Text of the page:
Friday, December 31, 2021

Annual Reflections at the End of 2021

As is the tradition with this blog, I end each year with a reflective look at the year past and what the future may hold. The year 2021 is not ending quite like I anticipated. At the beginning of the year, there were stirrings of optimism. The new COVID-19 vaccines had been released, and a new approach to political leadership had just been elected in Washington, DC. On January 2nd, I received my first dose of the Pfizer vaccine, followed by a second one three weeks later.

By the spring, the pandemic was seeming to wane. In late June, Oregon lifted all pandemic restrictions, and life seemed to be returning to relative normal. At work, my department began making plans for returning to the office, aiming to slowly transition over the summer and then return to a new state of normal when the regular academic year started in the fall.
Alas, it was not to be. By August, the Delta wave was surging and plans for returning to the office were postponed. Things became more optimistic into the fall, with my getting my booster vaccine in early October, but then, just when it seemed that the Delta wave was on the decline, the new Omicron variant emerged.

Nonetheless, there is some reason for optimism in the long run for the pandemic. The vaccines are having an impact, even if mostly among the vaccinated. Clearly the vaccines are not completely protective against infections, but they do appear to blunt the worst complications of the disease. In addition, there are new COVID-19 treatments becoming available in pill form, such as Paxlovid, which may provide a means to further prevent the worst impacts of infection. With my three doses of Pfizer vaccine on board, I feel relatively well protected, and feel confident that if I were to have a breakthrough infection, the course would be mild. (Though I am not taking any excessive chances.)

Although I look forward to getting back to working in person, I have managed to maintain my own productivity by working mostly from my home office. One thing that the pandemic has taught the informatics field, and certainly the work of my own department, is that we can pretty much function virtually. I still enjoy interacting in person with colleagues, but clearly most of the research and educational work we do can be carried out in a virtual manner.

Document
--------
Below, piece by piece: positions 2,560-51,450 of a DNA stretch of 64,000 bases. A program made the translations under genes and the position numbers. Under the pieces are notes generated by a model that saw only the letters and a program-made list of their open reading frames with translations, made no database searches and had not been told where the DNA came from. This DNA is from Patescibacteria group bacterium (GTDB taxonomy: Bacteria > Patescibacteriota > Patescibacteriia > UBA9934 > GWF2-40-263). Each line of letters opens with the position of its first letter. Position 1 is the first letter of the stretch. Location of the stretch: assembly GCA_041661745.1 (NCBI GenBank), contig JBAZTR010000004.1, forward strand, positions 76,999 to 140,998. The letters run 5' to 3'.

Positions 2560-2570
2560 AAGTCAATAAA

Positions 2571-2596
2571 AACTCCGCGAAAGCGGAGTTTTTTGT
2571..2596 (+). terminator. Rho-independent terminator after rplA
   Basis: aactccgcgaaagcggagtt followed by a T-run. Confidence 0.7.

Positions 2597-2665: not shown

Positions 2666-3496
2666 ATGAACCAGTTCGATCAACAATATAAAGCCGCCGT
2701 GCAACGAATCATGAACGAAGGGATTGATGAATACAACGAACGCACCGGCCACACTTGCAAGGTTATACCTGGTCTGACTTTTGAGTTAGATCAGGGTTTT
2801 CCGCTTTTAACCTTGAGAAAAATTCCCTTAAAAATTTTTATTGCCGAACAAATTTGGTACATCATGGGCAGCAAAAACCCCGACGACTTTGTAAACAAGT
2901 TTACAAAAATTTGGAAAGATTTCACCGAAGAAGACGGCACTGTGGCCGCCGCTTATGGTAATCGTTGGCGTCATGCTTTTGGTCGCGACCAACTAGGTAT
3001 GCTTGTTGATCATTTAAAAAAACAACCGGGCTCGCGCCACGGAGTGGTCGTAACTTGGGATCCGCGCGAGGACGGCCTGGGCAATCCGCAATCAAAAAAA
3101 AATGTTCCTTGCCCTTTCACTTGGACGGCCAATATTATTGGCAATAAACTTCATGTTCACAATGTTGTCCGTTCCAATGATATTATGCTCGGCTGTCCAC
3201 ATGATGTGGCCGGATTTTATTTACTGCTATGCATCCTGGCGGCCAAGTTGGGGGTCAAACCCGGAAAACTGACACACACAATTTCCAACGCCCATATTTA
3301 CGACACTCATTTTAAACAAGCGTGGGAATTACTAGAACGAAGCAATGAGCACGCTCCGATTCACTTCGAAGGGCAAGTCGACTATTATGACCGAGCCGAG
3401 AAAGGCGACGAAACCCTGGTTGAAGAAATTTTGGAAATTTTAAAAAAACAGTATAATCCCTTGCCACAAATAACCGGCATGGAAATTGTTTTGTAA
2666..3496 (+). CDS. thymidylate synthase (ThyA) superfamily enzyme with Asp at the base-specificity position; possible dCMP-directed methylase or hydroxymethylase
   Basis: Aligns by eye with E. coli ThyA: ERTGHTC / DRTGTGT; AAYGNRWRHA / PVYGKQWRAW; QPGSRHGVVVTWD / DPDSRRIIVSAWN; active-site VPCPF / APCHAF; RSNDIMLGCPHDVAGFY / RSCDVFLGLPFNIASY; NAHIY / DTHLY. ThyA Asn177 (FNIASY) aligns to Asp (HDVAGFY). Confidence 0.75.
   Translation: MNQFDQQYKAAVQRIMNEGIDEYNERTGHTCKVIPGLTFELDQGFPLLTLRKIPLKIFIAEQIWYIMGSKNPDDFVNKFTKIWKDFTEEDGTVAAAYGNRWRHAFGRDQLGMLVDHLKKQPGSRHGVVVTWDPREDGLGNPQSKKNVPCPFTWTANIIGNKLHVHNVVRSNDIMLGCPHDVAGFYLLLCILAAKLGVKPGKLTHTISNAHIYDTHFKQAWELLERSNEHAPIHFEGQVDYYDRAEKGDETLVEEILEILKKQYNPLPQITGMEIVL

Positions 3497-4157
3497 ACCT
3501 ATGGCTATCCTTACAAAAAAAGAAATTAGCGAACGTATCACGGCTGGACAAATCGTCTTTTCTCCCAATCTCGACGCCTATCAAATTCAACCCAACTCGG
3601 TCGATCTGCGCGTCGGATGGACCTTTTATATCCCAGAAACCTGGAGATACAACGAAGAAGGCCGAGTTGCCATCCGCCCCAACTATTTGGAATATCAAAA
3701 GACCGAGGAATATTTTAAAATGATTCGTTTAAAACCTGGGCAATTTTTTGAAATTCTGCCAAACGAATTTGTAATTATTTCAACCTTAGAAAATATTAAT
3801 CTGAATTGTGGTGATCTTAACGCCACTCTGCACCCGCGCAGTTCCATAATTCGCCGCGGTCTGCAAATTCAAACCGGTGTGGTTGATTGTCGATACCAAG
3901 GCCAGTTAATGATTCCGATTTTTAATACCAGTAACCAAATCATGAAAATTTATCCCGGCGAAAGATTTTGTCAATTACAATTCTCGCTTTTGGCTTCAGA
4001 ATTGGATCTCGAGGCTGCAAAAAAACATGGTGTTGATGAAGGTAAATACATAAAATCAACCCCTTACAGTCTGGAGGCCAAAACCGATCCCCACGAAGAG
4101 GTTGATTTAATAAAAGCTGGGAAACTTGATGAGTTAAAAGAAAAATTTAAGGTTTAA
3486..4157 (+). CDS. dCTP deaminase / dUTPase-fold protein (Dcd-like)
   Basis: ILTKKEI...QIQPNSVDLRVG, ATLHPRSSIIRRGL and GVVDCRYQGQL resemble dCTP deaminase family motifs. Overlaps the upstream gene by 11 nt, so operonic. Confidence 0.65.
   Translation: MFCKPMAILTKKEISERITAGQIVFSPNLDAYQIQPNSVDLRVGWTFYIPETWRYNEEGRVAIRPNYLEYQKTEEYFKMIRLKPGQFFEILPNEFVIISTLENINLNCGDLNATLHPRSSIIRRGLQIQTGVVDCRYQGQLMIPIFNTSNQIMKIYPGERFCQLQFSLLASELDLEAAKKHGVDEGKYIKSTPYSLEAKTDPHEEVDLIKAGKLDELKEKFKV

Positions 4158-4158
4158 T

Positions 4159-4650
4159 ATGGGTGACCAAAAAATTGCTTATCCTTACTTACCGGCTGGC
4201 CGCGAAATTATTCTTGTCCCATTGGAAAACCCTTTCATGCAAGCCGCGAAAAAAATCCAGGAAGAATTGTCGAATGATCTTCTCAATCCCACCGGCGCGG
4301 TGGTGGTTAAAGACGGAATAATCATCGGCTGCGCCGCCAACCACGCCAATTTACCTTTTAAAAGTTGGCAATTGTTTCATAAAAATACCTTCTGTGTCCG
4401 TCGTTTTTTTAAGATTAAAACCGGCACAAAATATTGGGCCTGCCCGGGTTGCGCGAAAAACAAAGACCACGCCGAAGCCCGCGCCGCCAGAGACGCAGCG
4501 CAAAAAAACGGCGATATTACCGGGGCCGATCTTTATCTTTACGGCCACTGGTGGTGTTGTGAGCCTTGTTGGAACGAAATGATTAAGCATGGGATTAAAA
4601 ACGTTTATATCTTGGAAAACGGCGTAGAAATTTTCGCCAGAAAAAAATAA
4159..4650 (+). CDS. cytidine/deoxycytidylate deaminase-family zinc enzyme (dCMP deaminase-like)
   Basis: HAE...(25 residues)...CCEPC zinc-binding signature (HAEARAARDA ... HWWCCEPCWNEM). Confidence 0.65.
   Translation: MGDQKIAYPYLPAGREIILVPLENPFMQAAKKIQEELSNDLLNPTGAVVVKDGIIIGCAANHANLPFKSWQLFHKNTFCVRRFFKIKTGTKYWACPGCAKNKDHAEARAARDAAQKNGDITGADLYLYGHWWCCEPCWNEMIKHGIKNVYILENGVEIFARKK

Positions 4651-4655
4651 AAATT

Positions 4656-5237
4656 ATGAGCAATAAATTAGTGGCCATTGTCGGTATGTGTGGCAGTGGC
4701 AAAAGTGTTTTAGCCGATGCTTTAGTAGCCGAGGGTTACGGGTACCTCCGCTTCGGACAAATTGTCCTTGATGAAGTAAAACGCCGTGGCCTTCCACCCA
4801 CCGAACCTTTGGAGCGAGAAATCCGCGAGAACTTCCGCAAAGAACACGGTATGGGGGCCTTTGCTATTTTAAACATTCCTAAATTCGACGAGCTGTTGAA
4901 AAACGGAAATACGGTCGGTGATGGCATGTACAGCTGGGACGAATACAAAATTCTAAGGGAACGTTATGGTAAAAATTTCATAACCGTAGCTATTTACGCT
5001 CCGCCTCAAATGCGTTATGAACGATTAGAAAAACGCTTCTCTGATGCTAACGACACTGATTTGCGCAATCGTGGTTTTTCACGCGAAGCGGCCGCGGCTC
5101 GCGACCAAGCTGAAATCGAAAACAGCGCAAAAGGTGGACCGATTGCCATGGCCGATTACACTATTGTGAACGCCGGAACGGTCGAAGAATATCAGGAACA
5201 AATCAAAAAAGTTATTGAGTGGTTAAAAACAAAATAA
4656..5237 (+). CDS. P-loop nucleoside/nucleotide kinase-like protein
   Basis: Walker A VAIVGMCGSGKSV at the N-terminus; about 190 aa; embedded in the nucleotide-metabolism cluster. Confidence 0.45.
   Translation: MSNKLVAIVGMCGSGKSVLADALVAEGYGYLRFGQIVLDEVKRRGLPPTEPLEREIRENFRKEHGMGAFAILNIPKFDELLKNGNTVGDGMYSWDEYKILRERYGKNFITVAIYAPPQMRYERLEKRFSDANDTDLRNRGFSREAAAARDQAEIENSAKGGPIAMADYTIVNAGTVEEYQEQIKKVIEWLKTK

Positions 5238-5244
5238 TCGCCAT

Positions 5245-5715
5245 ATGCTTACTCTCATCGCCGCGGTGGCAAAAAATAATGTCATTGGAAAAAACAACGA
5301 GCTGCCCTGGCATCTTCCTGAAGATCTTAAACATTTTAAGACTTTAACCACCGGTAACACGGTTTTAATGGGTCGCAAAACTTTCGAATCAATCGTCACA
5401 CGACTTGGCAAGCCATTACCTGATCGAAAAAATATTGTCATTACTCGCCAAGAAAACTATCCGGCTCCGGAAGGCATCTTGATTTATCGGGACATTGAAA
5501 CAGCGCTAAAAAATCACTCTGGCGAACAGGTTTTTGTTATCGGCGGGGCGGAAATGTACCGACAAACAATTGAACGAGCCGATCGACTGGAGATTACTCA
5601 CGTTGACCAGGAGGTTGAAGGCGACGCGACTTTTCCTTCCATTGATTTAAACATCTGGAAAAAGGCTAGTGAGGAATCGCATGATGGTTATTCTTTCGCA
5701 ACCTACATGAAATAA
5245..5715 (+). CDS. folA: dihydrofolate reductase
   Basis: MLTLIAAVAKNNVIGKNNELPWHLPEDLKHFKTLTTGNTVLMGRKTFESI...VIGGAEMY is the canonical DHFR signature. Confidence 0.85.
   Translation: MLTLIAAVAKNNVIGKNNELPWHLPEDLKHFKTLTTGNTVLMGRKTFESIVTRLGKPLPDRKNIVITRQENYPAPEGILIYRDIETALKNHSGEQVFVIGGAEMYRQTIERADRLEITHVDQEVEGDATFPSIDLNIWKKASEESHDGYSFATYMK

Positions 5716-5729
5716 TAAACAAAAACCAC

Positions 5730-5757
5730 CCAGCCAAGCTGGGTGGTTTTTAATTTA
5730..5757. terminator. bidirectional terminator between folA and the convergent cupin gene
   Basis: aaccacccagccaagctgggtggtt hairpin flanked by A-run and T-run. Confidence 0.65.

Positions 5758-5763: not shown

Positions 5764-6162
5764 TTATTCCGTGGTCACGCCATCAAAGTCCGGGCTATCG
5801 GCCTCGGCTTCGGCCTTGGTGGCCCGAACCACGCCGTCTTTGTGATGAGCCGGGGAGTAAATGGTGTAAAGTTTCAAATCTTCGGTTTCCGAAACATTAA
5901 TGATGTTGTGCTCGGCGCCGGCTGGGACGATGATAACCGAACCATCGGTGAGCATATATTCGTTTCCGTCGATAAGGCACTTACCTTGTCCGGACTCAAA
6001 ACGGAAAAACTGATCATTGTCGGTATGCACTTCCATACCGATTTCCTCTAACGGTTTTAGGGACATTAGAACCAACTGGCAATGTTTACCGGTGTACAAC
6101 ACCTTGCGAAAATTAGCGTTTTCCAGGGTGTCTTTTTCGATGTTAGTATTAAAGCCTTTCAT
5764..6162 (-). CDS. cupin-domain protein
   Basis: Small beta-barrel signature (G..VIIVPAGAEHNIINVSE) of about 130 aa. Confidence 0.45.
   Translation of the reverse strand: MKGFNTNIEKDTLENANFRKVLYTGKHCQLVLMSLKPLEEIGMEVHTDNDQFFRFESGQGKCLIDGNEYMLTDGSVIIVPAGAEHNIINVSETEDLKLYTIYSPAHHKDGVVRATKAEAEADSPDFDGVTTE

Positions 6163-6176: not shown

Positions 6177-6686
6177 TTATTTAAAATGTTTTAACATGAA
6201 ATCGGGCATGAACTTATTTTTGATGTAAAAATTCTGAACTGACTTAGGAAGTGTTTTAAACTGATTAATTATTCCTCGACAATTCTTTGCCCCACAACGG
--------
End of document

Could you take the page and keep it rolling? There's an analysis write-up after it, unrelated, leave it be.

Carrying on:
I am sad that this pandemic has been so politicized. Every happening, often having nothing to do with the action of politicians, seems to require being viewed through a political lens. While there is, as with all science, some room for debate on translating scientific findings into public policy, it is unfortunate that many, especially those on the right, have chosen to frame everything in that context and make decisions that defy sound public health practice. I don't enjoy wearing masks or avoiding large gatherings more than anyone, but I recognize these as a small price to pay to protect public health. And it is sad to me that new vaccine technology, one of the greatest public health advances in human history, has also become a political Rorschach test.

The ability to function virtually would not be possible without the maturing of computing and network technology. It is still far from perfect, but we almost take for granted now that we can have a synchronous video call with almost any location on the planet. Social media has played a valuable role too, especially in my case, Facebook. While I am no big fan of Facebook's business model, and I would happily pay a modest subscription fee to get the benefits of it that I like, it has been invaluable in keeping up personally and professionally with friends and colleagues around the world.

In terms of the informatics field, I am optimistic that we will continue the contributions we make to health and larger society. While the pandemic has caused a detour in our priorities, we are still moving forward in core advances, particularly turning the potential of machine learning and artificial intelligence into reality and advancing standards to make data more interoperable. The pandemic has exposed the limits of our current health information systems and processes, and even if too late to provide optimal value for this pandemic, will hopefully put us in a position to benefit the next public health crises.

This blog itself continues to be successful. This is the 361st post, and it is closing in on 768,000 page views over its nearly 13 years. This blog has provided me an opportunity to provide commentary on many topics, mainly professionally but also personally, and is easily accessible from the Internet. My frequency of posting has decreased some over the years, but I still appreciate the opportunity to weigh in on important topics and not feel the need to post at any specific level of frequency.